Via the Daou Report-- "China evacuated more than 790,000 people as powerful Typhoon Talim slammed into its east coast after barreling across Taiwan, where it left three dead and dozens injured."
 
The usual Kool-Aiders are frantically making excuses. And, it's a fact that there were big hurricanes before anyone ever heard of global warming. And maybe the levees would've been breached even if Bush hadn't cut funding.
 
But there are no excuses for the failure of government to respond. Kevin Drum documents how the Bush Regime screwed FEMA. Today Paul Krugman writes,
The administration has, by all accounts, treated the emergency management agency like an unwanted stepchild, leading to a mass exodus of experienced professionals.

Last year James Lee Witt, who won bipartisan praise for his leadership of the agency during the Clinton years, said at a Congressional hearing: "I am extremely concerned that the ability of our nation to prepare for and respond to disasters has been sharply eroded. I hear from emergency managers, local and state leaders, and first responders nearly every day that the FEMA they knew and worked well with has now disappeared."

I'm going to repeat what I wrote yesterday: 
... what if Katrina had been a terrorist attack? As Paul Light writes in WaPo,  "If this is what happens when the nation has two days of advance warning, imagine the aftermath of a surprise attack using a chemical, biological or nuclear device."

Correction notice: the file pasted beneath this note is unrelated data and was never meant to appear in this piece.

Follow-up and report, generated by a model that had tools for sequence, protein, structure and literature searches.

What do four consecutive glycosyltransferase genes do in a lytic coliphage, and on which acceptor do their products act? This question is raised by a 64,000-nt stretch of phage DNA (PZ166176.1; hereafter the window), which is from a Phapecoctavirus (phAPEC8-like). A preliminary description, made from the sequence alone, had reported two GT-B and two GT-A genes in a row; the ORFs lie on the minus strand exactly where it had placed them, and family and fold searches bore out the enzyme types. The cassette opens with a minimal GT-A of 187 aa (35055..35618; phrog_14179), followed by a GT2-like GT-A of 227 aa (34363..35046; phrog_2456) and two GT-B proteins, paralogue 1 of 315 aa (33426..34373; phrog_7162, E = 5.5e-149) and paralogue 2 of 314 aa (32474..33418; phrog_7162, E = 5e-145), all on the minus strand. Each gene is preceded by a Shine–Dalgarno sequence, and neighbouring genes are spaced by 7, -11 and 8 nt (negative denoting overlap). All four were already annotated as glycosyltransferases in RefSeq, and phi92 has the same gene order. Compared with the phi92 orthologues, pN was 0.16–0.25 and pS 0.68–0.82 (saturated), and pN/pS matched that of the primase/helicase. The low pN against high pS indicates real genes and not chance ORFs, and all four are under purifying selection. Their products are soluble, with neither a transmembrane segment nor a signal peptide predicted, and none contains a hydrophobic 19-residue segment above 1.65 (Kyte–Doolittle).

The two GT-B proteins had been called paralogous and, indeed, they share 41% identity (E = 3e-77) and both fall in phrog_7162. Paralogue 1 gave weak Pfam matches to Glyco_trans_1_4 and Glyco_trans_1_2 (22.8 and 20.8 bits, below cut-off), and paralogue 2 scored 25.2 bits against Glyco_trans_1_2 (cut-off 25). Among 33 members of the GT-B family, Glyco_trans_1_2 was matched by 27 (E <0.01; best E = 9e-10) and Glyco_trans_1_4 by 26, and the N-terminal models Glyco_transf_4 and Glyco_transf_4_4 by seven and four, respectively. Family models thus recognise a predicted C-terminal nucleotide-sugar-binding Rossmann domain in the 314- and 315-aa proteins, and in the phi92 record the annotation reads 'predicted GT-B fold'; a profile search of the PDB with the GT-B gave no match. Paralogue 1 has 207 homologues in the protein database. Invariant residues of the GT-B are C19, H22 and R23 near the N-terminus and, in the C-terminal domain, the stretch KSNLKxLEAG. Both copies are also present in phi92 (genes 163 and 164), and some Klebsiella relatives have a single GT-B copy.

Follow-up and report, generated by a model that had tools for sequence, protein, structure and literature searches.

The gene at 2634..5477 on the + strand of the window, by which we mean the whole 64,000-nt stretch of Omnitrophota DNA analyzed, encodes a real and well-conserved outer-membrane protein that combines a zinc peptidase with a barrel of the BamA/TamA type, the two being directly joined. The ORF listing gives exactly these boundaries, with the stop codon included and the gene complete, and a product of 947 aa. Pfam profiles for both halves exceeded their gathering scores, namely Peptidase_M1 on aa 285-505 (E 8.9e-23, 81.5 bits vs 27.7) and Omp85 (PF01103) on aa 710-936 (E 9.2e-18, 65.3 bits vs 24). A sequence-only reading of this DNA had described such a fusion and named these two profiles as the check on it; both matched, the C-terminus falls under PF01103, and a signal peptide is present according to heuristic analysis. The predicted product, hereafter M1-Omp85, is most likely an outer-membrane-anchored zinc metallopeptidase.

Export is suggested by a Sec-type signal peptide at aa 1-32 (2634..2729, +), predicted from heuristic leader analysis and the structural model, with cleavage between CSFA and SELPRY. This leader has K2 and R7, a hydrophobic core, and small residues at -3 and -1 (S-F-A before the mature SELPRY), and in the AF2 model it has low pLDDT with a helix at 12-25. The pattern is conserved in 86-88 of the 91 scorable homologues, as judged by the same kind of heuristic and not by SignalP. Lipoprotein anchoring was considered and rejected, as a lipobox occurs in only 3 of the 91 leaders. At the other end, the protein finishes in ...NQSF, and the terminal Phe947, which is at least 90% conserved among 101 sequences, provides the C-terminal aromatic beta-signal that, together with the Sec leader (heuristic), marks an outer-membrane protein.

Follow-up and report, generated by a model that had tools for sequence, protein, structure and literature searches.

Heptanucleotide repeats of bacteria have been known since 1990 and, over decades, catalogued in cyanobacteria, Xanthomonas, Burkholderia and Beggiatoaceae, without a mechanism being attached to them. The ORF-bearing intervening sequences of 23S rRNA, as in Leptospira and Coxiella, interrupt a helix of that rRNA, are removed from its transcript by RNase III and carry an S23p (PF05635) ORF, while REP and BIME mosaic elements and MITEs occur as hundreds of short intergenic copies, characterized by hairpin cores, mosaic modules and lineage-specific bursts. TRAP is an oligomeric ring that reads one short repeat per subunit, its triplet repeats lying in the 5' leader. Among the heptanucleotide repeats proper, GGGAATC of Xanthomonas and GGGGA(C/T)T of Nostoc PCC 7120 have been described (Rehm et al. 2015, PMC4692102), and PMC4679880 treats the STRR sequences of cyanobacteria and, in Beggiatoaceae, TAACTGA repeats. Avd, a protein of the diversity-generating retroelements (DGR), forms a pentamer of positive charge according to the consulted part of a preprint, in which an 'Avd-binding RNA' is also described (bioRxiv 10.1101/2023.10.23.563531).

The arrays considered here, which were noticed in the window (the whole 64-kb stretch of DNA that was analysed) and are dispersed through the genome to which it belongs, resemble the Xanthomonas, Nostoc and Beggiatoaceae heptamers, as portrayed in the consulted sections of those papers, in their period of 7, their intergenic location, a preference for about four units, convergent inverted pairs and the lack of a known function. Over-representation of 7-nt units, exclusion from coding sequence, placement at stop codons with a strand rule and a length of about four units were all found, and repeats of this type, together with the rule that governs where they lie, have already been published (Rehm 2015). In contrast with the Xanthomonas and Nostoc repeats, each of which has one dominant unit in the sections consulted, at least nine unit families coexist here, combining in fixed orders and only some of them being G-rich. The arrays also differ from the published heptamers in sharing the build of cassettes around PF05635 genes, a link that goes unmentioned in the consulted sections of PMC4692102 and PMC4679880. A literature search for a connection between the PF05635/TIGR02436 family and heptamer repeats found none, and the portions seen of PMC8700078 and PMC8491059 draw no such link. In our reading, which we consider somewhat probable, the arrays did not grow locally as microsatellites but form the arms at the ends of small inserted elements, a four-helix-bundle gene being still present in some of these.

We've been talking about first response preparation and organization of "Homeland Security" bureaucracy for four years. In four years, what have we accomplished other than a lot of pork-barrel spending?
Exactly what has the Department of Homeland Security been doing all this time? Sitting around with their heads up their butts, looks like.
"Why is no one in charge?" asked one frustrated evacuee at the Ernest Morial Convention Center, where thousands have waited days for help. "I find it hard to believe."

Yet, 80 miles away at the Federal Emergency Management Agency command post in Baton Rouge, FEMA Director Michael Brown told CNN's Wolf Blitzer Thursday evening that "considering the dire circumstances that we have in New Orleans, virtually a city that has been destroyed, things are going relatively well." [CNN]

Compared to what? Hiroshima?

I'm sure the full horror of this week has yet to sink in. We haven't heard the worst of it. If Congress doesn't demand accountability ...

E.J. Dionne: "When Government Is 'Good'"